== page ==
Dining services addressing dish disposal issues
Published: Monday, February 10, 2014
Updated: Monday, February 10, 2014 23:02
UConn’s dining halls have been experiencing problems with conveyor belts all across campus, preventing students from placing their trays on the moving belts.
With no place to stash dirty dining ware, students have complained about the dishes piling up in the eating area.
Buckley and Putnam have struggled with the issue recently. Dennis Pierce, Director of Dining Services, acknowledges the issue and says his program is currently in the process of addressing it.
“We’ve had challenges with what they call the return dish belt,” said Pierce, who took the opportunity to have lunch at Buckley and observe the damage.
According to Pierce, the belt motors have died due to their old age.
“I’m going to say that belt has been in there for probably about 20 years (...) and there was no way to rebuild the motor,” Pierce said.
In the meantime, a curtain has been set up at Buckley to separate the view of the kitchen from the outside. Michael White, Assistant Director of Dining Services, refers to this tactic as “pipe and drape.”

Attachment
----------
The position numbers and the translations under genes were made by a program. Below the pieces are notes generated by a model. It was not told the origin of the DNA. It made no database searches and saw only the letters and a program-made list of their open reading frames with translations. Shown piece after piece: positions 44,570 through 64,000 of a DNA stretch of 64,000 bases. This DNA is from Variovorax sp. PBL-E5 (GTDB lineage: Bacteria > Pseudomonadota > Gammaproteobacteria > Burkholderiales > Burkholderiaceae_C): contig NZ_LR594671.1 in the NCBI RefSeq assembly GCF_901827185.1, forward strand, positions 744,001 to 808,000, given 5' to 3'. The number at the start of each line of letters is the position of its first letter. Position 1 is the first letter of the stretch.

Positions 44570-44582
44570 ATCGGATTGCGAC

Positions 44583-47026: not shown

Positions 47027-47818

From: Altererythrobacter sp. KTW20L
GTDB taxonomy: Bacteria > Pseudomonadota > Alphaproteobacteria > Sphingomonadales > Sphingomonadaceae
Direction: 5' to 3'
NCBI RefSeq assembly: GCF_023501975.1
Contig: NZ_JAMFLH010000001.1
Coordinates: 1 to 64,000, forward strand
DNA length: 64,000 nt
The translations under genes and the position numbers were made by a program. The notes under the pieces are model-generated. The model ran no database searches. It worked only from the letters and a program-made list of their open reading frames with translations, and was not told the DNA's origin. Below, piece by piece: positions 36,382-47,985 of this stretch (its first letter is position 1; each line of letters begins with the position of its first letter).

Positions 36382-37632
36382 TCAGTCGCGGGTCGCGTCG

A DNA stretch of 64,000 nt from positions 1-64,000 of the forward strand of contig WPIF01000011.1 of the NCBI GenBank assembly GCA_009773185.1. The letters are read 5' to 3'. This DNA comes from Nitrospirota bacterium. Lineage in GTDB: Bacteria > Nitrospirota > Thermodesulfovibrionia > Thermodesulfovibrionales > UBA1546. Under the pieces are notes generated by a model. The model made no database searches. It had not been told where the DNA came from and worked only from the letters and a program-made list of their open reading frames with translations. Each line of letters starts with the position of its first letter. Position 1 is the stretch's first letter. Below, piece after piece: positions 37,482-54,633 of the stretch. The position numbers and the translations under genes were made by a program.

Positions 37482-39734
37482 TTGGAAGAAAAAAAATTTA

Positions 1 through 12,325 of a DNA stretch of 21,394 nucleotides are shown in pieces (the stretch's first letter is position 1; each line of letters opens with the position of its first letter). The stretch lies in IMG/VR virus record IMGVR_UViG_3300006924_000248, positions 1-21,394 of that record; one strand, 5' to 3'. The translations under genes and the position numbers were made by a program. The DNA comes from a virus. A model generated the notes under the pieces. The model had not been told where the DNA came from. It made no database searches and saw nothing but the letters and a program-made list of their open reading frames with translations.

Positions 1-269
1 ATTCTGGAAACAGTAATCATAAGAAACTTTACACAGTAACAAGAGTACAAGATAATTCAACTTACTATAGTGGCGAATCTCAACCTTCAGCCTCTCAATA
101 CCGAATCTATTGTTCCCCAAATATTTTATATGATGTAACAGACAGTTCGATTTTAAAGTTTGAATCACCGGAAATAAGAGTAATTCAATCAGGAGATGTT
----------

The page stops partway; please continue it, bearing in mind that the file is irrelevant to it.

“We’ve considered a different method for the window until we get that whole thing straightened out and repaired,” White said.
Putnam is facing a similar situation with the conveyor belt issue, but instead of a curtain, the staff has set up a wall made of two-by-fours and sheetrock, according to White.
However, the repairs in Putnam are being postponed for a later date, as the dining hall is expected to go through a major renovation in the months to come.
There is no set timeframe yet for when the renovations will be complete. According to Pierce, they are still in the “designing stages.”
In addition to the problems faced in Buckley and Putnam, belts in other dining areas, such as Northwest and Towers, have seen malfunctions. Erik Bell, a freshman chemistry major, eats in Towers dining hall on a regular basis.
“Last semester it broke a few times,” Bell said. “It’s more of a hindrance, not more of an issue.”
Pierce insisted that the staff is taking “necessary actions” to get the problem fixed.
“This doesn’t happen frequently,” said Pierce. “It’s just right now it seems like it’s all happening at once.”
Pierce said costs for repairs would remain unknown until quotes from a vendor have been received.